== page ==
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Beetles in a haystack: collecting insects via the eighteenth‐century British slave trade

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In 1766, a British ship captain in the Gabon Estuary, just north of the equator in the Gulf of Guinea, found one of the largest beetles then known floating in the river. The Goliath beetle, as it came to be called, quickly became an object of desire among natural history collectors. This talk traces the efforts of Dru Drury, a British silversmith and entomologist, to acquire a specimen of the Goliath beetle by means of the slave trade. The silversmith’s correspondence, account books, museum inventory and remarkable ledger of prospective specimen‐collectors allow us to trace how a naturalist in the mid‐eighteenth century might utilize British commercial and naval circuits to Africa in the pursuit of a particular specimen. The dramatic expansion in British participation in the slave trade by the middle of the century facilitated the efforts of naturalists such as Drury to collect specimens through the same circuits that collected enslaved Africans. Drury believed that Britain’s commercial networks would not only enable him to acquire various new African specimens but, in particular, to obtain a Goliath beetle for his own museum. To encourage mariners to become collectors, Drury provided collecting supplies, images of what he desired, directions, and cash payments for each specimen delivered to his London home. In the search for the Goliath beetle, the naturalist repeatedly articulated ways that collecting slaves might lead to collecting specimens.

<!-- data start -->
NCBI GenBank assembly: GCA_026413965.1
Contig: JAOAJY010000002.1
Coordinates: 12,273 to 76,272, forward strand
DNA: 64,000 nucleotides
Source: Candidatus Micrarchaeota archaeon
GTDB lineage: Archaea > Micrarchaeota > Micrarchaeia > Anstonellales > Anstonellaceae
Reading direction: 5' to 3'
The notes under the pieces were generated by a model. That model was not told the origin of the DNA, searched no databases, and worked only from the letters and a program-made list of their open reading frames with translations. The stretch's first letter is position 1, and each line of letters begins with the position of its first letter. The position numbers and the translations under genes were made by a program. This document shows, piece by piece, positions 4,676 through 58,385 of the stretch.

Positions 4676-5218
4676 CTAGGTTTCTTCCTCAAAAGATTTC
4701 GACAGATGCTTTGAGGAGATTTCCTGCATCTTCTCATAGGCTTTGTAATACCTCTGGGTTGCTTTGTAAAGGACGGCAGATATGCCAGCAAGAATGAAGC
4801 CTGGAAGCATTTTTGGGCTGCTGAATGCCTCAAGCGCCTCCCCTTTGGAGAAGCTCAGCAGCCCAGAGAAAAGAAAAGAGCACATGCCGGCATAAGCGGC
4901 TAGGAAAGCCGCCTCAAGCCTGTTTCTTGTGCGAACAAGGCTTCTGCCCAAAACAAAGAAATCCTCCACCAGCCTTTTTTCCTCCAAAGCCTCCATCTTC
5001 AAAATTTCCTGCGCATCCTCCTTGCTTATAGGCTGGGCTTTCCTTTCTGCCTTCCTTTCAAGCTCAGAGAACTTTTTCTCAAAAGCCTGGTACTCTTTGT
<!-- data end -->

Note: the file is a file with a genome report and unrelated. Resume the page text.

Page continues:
This talk is part of the Cabinet of Natural History series.

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